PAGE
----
​​​​​Colorectal Cancer In Young Adults: All Your Questions Answered

​​​​​Colorectal Cancer In Young Adults: All Your Questions Answered

Colorectal cancer is the most common type of cancer. Both men and women are at risk, but it is more common in men. The risk of colorectal cancer increases after the age of 50. However, this does not mean that you should ignore symptoms if you are under 50 years of age – there has been an increase in the number of colorectal cancer cases reported in younger men since the 1990s.

Singapore General Hospital (SGH) has observed more cases of colorectal cancer in younger men in recent years. In this article, we discuss the symptoms of colorectal cancer, the treatment and diagnosis, and screening methods that are available. Additionally, Dr Ganesh answers some questions revolving around colorectal cancer in younger males.

What Are The Symptoms Of Colorectal Cancer?

Common symptoms related to colorectal cancer include: 

    • Changes in bowel movements (diarrhoea or constipation) 
    • Rectal bleeding
    • Blood in stools 
    • Cramping, bloating, or abdominal pains
    • Fatigue 
    • Unexplained weight loss 

Many of these symptoms can be linked to irritable bowel syndrome (IBS), a viral infection, or a poor diet. It is essential that you pay attention to any changes in your body. If any of these symptoms persist for longer than a month, consult your doctor.


How Is Colon Cancer Diagnosed & Treated? 

If you show symptoms of colorectal cancer, your doctor may suggest that you have a colonoscopy. A colonoscopy is a procedure that allows your doctor to examine your colon with a scope while you are sedated. 

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If your doctor detects anything unusual during the colonoscopy, a biopsy can be performed. A biopsy is where a small piece of tissue is removed during the colonoscopy for analysis. 

What Screening Methods Are Available To Detect Colon Cancer?

Faecal Immunochemical Test (FIT):

    • Should be done yearly 
    • Non-invasive test 
    • Easy to self-administer 
    • No fasting required 
    • Available at the Singapore Cancer Society at no charge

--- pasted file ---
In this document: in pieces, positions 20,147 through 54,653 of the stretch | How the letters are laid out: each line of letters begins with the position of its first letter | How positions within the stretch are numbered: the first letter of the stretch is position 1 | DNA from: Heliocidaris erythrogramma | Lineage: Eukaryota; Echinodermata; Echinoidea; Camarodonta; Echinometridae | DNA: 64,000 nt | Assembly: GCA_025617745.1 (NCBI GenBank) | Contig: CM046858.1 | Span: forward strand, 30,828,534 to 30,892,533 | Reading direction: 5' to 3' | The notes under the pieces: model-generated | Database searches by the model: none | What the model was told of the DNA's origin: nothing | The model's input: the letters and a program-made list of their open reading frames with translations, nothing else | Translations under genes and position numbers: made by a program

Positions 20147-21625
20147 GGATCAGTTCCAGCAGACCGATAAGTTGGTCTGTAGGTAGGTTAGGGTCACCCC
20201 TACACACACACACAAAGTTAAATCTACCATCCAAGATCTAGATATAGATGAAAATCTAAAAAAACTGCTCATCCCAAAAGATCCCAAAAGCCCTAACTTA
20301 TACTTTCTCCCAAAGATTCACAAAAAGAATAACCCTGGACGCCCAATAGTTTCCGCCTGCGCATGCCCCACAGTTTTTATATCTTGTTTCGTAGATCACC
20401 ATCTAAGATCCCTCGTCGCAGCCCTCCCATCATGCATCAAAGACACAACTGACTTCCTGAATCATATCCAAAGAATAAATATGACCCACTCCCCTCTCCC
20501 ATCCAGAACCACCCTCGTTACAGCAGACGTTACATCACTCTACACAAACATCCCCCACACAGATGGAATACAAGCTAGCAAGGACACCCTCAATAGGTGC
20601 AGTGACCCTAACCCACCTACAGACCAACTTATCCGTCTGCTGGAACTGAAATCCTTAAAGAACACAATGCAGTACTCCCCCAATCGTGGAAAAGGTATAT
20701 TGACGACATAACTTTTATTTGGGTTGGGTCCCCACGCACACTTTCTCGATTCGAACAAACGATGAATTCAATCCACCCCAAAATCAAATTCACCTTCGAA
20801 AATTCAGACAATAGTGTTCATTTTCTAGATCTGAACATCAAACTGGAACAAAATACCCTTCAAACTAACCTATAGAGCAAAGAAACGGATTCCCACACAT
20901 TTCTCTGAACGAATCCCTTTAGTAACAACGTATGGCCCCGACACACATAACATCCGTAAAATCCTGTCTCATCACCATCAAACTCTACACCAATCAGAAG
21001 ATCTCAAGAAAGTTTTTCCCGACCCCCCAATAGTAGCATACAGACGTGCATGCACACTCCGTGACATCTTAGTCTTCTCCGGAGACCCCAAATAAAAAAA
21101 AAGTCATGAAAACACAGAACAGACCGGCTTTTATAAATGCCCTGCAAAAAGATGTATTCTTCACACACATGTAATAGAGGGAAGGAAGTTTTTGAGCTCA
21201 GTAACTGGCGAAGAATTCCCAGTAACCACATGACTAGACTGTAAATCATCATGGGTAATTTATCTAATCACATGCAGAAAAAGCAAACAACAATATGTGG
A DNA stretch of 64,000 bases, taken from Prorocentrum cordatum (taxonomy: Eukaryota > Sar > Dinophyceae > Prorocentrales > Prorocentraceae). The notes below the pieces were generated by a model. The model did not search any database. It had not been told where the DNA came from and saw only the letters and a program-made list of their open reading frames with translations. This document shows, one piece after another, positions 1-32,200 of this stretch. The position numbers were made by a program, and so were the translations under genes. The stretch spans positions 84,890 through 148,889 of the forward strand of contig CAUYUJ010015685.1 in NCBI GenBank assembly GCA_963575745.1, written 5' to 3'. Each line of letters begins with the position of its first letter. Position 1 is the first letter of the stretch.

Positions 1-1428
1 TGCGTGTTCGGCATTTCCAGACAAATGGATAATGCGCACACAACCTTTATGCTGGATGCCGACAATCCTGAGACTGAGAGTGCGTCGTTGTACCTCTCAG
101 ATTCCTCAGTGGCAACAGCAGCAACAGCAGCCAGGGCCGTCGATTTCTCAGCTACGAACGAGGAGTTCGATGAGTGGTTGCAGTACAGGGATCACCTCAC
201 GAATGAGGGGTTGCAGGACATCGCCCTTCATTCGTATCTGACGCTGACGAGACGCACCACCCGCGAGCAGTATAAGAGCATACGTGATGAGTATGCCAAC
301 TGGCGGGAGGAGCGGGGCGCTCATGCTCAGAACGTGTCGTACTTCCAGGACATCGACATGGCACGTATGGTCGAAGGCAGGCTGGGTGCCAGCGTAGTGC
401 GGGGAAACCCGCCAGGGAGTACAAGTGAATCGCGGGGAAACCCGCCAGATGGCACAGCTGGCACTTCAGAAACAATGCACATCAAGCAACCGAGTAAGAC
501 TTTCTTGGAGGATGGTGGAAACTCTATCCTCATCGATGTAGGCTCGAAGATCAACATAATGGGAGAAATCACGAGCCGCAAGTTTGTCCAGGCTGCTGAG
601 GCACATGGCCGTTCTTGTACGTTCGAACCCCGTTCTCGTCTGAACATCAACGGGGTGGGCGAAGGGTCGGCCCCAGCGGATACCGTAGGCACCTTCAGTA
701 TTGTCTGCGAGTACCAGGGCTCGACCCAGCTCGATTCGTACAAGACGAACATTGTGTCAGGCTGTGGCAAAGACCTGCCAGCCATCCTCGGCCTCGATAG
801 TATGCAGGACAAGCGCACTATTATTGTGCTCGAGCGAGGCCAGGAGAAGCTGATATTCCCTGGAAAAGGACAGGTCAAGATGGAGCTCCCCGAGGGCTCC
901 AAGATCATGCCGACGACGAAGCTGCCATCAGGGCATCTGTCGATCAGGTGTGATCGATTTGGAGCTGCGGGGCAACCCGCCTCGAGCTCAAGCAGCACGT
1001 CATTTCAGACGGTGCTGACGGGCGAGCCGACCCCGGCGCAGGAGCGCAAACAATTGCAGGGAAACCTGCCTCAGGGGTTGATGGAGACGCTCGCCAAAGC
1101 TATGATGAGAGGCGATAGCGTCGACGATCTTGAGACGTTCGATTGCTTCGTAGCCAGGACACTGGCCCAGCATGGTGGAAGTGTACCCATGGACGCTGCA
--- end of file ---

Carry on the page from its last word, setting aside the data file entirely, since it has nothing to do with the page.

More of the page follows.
• Should be done once every 10 years 
    • Can detect and remove pre-cancerous growths and polyps
    • Conducted by a doctor in a specialist clinic


Rising Rates Of Colorectal Cancer In Young People

Studies have shown that in recent years there has been an increasing number of cases of colorectal cancer in younger patients (under the age of 50). 

While the exact cause of this increase is still unclear, many doctors are associating it to environmental and lifestyle changes of current generations. 

More sedentary lifestyles and a decrease in fibre in our diets have been linked to the rise of cases of colorectal cancer in younger adults. 


We asked Dr Ganesh the following questions:

  • From Your Understanding, Why Is Colorectal Cancer On The Rise In Young Adults?

There can be multiple factors leading to the rise of Colorectal Cancer in young adults, genetic history and lifestyle are two possible factors that can lead to this rising trend. 

Increased awareness of the importance of screening for colorectal cancer via tests can also lead to early detections as compared to the past. 

  • How Does The Disease Differ In Younger & Older Patients?


In general, the symptoms are similar in younger and older patients; however, the disease may go undetected in younger patients until the cancer advances.

  • What Are The Potential Factors Associated With Colorectal Cancer?

There are no telltale signs that you are definitely at risk of developing colorectal cancer. However, several factors associated with an increased risk of colorectal cancer include:

    • Obesity
    • Physical inactivity 
    • Smoking
    • Heavy alcohol use
    • Old age
    • Dietary habits
    • Genetics
    • Family history related to colorectal cancer


In Conclusion 

While the risk of colorectal cancer increases after the age of 50, it does not mean that one should ignore symptoms since they are young. As mentioned, cases of colorectal cancer have increased in younger adults. 

If you notice any of the symptoms of colorectal cancer and find that they persist for more than a month, speak with your doctor. Opt for routined tests and screens if you have a family history of colorectal cancer. Early detection of the disease is possible and increases your chances of curing it.